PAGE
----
For more than 60 years, the skilled attorneys at our firm have guided individuals and families in Rochester Hills, Oakland County and communities throughout southeast Michigan through the complexities of estate planning, helping to ensure our clients have the estate plan that fits their needs and is done right.
We can explain the importance of each estate planning tool, including:
Your last will and testament – or just simply your will – is the document most people think of when they hear the term estate plan. Wills are an official way for people to express their preferences regarding their property and assets, particularly who they would like it disseminated to after they die and how much.
Dying without a will can be problematic for your family members because it sends your estate into intestate succession, which is a process by with state law determines how your property and assets will be divided and who it will go to.
Trusts allow you to control an inheritance by managing when and how a beneficiary receives the distribution.
There are a variety of trusts available, including special needs trusts – which are set up for beneficiaries who have disabling conditions and require long-term health care or assistance – and living trusts – which can be set up to help heirs avoid the complexities of the probate process.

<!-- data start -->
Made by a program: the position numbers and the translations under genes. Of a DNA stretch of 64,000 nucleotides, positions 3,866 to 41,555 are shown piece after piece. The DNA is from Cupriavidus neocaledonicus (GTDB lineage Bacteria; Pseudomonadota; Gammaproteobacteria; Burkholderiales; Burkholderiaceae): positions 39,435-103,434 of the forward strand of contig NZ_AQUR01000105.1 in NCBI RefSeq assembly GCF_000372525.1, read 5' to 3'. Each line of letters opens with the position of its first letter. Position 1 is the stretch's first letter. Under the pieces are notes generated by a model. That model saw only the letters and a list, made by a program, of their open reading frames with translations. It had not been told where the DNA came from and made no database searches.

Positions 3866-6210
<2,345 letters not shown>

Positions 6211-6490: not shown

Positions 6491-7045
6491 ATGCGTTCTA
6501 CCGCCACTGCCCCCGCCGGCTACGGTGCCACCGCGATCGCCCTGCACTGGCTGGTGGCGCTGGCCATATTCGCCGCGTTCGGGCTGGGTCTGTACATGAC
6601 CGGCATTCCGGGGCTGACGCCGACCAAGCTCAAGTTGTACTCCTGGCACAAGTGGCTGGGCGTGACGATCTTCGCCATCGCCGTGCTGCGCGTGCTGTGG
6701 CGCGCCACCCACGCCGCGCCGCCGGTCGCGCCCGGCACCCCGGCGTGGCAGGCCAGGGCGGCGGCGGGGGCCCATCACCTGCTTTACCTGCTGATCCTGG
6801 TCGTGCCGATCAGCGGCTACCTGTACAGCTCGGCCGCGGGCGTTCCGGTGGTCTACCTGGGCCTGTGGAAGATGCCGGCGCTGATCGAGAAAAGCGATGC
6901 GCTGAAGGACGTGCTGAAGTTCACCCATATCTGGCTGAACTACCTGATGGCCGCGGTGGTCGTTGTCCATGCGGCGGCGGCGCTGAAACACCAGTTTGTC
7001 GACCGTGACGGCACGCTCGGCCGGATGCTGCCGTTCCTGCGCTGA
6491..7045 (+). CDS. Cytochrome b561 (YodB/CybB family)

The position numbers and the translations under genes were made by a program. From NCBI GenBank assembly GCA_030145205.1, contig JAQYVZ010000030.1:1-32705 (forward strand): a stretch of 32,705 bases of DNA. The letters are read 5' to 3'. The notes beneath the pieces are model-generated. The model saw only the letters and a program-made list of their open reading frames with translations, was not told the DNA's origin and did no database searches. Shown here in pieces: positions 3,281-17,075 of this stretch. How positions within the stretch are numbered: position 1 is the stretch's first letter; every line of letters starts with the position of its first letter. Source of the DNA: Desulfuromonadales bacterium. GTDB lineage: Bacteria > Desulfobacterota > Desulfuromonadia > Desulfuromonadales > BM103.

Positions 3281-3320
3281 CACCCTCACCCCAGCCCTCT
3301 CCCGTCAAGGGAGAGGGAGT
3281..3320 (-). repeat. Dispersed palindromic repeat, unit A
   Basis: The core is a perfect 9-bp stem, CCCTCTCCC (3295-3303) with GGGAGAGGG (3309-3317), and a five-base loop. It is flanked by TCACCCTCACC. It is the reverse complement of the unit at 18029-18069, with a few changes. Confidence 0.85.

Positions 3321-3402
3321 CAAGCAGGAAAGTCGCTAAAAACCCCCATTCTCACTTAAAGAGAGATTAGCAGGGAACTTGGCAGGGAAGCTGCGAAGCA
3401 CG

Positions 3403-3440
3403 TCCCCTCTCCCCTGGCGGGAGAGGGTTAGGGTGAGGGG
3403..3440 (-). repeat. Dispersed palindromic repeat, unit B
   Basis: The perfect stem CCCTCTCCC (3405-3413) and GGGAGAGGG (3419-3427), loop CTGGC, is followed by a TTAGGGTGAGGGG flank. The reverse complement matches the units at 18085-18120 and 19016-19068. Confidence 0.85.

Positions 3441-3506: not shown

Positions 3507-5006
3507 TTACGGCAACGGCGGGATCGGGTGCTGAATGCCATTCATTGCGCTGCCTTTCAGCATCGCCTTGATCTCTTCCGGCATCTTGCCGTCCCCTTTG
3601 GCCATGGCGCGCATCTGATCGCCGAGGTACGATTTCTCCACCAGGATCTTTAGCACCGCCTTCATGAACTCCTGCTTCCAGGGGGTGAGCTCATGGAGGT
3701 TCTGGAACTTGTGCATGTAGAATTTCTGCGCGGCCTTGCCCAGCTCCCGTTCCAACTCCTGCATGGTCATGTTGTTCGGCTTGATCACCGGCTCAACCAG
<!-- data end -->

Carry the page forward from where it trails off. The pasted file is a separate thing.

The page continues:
If you become ill or incapacitated and can’t make the decisions regarding your estate or your health care, you would likely want someone to step in, on your behalf, to take care of things. By establishing powers of attorney, you give someone the power to make decisions that are in your best interests.
There are two types of powers of attorney; a durable power of attorney to give someone the ability to make financial and legal decisions on your behalf; and a power of attorney for health care decisions and directives for end-of-life wishes.
No parent ever plans on dying at the same time as their spouse, which is why many parents fail to establish a guardianship for their child. This is an incredibly important estate planning document, however, because it makes another person a guardian over the child. A guardian has the power to make decisions concerning the child’s well-being.
Guardianships are also established in situations where an adult becomes incapacitated without having first established durable power of attorney.
Naming an executor, also known as a personal representative, under the will is a necessary part of estate planning. The executor or personal representative will manage the administration of the will. Executors (personal representatives) have the legal responsibility to manage all financial affairs and asset distribution of the deceased individual.
Whether you’re ready to start making an estate plan or have questions about the tools you need, the compassionate lawyers at Bebout, Potere, Cox & Bennion, P.C., are here to help. Contact us or call our office near Rochester Hills at 248-651-4114.